Katie Olsen: I will say I was a little nervous and surprised that there weren’t any pre-arranged questions but then, as I thought about it more, I thought, well, all of Bjork’s interviews just sound like a conversation he’s having with someone at a coffee shop.
Bjork Ostrom: Totally.
Katie Olsen: I guess there’s a reason why it sounds that way.
Bjork Ostrom: That’s why, for sure. It’s the first time we’ve talked about all these, different than like a nighttime, like a night show, like Fallon or Kimmel because you’re like, “Wait a minute, you’ve talked about this before and now, you’re like pretending to talk about it again,” but in this case, we’re actually talking about all this for the first time. So let’s rewind the tape a little bit and go back to first time that you press publish or launch on your site and we chatted a little bit. I know you’ve been listening to Food Blogger Pro podcast for a while, but what was that like for you when you actually launched your blog and what were you thinking about it when you’re getting into it?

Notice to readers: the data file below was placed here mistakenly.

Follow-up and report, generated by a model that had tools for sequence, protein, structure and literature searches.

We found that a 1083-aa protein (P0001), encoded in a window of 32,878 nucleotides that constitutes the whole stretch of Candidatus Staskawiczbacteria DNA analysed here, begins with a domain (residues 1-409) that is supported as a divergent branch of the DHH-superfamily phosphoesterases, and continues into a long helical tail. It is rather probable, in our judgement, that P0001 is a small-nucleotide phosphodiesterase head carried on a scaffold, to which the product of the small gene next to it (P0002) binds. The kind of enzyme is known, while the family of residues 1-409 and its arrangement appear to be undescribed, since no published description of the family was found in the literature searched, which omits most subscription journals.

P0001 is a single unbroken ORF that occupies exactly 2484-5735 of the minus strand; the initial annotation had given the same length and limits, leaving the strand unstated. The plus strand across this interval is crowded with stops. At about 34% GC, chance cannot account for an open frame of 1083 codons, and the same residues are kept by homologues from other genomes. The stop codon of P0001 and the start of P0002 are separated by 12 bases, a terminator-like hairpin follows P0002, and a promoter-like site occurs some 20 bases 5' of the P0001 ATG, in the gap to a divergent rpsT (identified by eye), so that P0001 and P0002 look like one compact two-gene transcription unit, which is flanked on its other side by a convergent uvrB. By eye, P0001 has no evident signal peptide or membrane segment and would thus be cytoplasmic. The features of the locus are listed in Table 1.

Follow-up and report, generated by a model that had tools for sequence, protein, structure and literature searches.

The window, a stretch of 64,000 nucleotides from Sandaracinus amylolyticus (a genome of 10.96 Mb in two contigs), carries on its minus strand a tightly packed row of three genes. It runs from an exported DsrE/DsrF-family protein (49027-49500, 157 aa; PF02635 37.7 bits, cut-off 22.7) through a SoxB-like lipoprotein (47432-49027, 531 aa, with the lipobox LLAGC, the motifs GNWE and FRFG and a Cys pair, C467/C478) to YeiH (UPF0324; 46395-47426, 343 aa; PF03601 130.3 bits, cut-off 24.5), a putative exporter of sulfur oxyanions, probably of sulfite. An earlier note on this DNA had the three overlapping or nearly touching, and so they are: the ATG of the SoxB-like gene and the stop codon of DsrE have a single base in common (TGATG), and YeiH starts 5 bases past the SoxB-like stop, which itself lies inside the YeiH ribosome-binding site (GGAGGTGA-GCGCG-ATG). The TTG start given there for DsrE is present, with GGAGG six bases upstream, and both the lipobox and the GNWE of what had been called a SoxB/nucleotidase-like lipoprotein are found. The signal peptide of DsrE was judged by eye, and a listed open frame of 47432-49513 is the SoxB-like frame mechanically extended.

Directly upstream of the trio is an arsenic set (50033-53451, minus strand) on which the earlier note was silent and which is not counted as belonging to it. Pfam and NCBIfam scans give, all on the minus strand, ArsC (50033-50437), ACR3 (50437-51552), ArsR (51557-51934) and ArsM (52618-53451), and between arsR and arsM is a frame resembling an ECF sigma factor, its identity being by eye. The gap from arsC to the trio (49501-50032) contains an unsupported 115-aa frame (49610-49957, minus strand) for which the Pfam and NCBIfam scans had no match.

Katie Olsen: In a word, it was terrifying.
Bjork Ostrom: Yeah.
Katie Olsen: I had followed food blogs for many years before I ever decided to do one of my own and my first post I published was at the end of 2016. I kept my blog private for a few months before I actually made it public to the world. I know you guys don’t advocate for doing that, but I was one of those people who I didn’t want to have just like one post out there and make it public. I wanted it to look like I was a professional and had a bunch of them.
Bjork Ostrom: Yeah.
Katie Olsen: So I probably had seven or eight posts live before I ever actually made it public, but it was terrifying. There’s something really vulnerable about putting yourself out there for other people to see what you’ve done, what you’ve created and comment upon it. It’s very different from when you … I started by just baking things for my friends and family, bringing stuff into college, law school, classes, into the office, whatever and people are always really nice when it’s someone they know, that made it-
Bjork Ostrom: Yeah.
Katie Olsen: They’re like, “Oh, can I have the recipe?” Things like that. It’s different when you’re publishing something to the world, putting yourself out there as a quote, unquote, expert and having people comment on it. That was what was really terrifying, I think to start with.
Bjork Ostrom: For sure and how long was it terrifying? Do you still feel that or do you feel like exposure therapy of continuing to press publish has made it not quite as scary?